W3C home > Mailing lists > Public > public-appformats@w3.org > September 2006

Re: A forms-lite straw man

From: Dave Raggett <dsr@w3.org>
Date: Tue, 5 Sep 2006 17:33:23 +0100 (BST)
To: Lachlan Hunt <lachlan.hunt@lachy.id.au>
Cc: www-forms@w3.org, public-appformats@w3.org
Message-ID: <Pine.LNX.4.64.0609051704550.5310@holly>

On Wed, 6 Sep 2006, Lachlan Hunt wrote:

> Having said that, though, I may be interested in merging the two 
> in a way that doesn't involve retrofitting the syntax of one into 
> the other.  I'm *still* waiting for John Boyer to explain his 
> intriguing binding idea that he briefly mentioned earlier, which 
> seemed to do just that.

You ignored the ref attribute as an XPath expression identifying
the data. In principle, we could have the name attribute for
the case of a simple name, and ref for binding to structured data.

Another key difference is that in WebForms 2.0 the data is owned by 
the field, thus a field can state which forms it belongs to. It is 
better software engineering for the field to act as a view onto the 
data. Decoupling the view and the data makes it easier to support 
structured data and to describe calculations for derived fields and 
other purposes.

>>   verify: an XPath expression evaluating to a boolean
> I don't understand the purpose of that.

If the expression evaluates to false, the field is considered to
be invalid. I got the name wrong and it should have been called
validate. The expression could act over just the field's value,
but it could also refer to the values of other fields. It could
even call out to a function defined as part of a web page script.

>>   required: an XPath expression evaluating to a boolean
> WF2 provides a boolean required attribute.
> <input ... required="required"> or simply <input ... required>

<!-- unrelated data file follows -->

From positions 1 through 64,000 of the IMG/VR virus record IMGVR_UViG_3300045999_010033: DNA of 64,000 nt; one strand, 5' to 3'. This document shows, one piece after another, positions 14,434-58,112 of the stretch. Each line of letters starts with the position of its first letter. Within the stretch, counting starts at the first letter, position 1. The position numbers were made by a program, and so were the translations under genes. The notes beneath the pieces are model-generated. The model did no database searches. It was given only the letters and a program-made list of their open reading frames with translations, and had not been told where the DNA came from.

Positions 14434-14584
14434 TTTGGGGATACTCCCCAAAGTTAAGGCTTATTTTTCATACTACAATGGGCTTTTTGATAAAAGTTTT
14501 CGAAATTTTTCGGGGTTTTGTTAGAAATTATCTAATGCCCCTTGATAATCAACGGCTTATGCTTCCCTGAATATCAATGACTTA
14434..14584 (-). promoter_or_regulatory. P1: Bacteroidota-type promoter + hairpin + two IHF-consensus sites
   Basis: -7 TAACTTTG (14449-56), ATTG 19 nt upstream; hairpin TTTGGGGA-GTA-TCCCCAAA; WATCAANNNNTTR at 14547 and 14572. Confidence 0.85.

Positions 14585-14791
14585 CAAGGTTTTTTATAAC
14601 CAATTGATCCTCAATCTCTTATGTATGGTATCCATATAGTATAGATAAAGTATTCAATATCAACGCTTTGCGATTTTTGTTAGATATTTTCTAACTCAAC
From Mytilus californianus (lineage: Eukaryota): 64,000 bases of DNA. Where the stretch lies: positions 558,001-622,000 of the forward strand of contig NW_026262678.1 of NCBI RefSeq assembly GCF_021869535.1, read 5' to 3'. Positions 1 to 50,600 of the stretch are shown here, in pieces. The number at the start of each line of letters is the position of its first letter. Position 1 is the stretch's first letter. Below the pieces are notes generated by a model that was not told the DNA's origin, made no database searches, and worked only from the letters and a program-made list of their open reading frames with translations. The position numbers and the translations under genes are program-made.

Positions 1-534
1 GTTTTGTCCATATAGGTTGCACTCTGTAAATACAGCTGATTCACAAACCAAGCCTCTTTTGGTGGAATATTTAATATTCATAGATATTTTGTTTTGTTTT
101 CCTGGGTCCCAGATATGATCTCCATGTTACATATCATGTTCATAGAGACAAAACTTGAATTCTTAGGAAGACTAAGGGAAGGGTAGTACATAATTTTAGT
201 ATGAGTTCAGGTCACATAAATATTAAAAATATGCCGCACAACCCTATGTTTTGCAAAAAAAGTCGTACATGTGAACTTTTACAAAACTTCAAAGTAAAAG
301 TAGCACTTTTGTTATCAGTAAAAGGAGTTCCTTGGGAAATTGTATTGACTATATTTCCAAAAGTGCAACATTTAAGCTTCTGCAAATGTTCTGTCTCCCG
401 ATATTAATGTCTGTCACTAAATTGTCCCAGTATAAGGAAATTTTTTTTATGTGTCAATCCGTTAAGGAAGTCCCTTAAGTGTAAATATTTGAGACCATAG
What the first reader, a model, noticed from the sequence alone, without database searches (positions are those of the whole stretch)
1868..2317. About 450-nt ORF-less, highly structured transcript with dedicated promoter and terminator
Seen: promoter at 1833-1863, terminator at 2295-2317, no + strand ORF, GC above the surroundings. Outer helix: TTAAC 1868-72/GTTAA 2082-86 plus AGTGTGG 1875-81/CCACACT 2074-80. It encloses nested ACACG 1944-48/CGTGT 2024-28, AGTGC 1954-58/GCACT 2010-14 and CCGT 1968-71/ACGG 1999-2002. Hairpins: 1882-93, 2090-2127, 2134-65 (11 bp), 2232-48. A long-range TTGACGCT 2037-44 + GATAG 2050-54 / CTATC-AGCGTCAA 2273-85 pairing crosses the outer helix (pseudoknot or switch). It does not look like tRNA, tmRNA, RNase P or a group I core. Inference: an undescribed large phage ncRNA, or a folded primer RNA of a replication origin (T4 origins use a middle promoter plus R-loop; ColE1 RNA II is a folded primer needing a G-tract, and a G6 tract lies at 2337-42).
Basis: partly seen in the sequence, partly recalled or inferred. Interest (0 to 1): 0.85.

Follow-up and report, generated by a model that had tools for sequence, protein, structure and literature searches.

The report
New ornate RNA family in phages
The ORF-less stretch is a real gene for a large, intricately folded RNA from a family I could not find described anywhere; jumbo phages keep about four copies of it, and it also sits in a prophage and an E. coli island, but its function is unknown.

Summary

> http://www.whatwg.org/specs/web-forms/current-work/#the-required
> I don't understand what benefit the XPath expression would provide.

WF2 essentially limits to boolean literals, and you cannot describe 
the conditions under which a field is required. For example, your 
parent's name might be required if your age is under 15.

>>   hint, help and alert: corresponding to XForms elements
>>             (use HTML4 label element for the label text)
> The title attribute can be used to provide a hint.  A help element may
> be a useful addition, though it can be provided already using <a
> href="#help" rel="help">.  I'm don't about the alert element.

I covered HTML work arounds for label, hint and help in an earlier
email. I still think that there might be benefits in providing
a declarative way to identify hint and help text as such. HTML
currently has no good way to represent the text for when a field
is invalid. This is something most people deal with via scripts.

>> Output fields have the following attribute
>>   value: an XPath expression evaluating to a string
> The WF2 output element uses a JavaScript expression to evaluate
> to a string.  What benefit does an XPath expression provide

It is more declarative than calling out to a JavaScript function.
It is easy to learn and these days more and more developers are 
becoming familiar with XPath, e.g. for use with XSLT in server
side processing. It further provides a smooth stepping stone to
more complex forms written with the full power of XForms.

  Dave Raggett <dsr@w3.org>  W3C lead for multimodal interaction
  http://www.w3.org/People/Raggett +44 1225 866240 (or 867351)
Received on Tuesday, 5 September 2006 16:34:49 UTC

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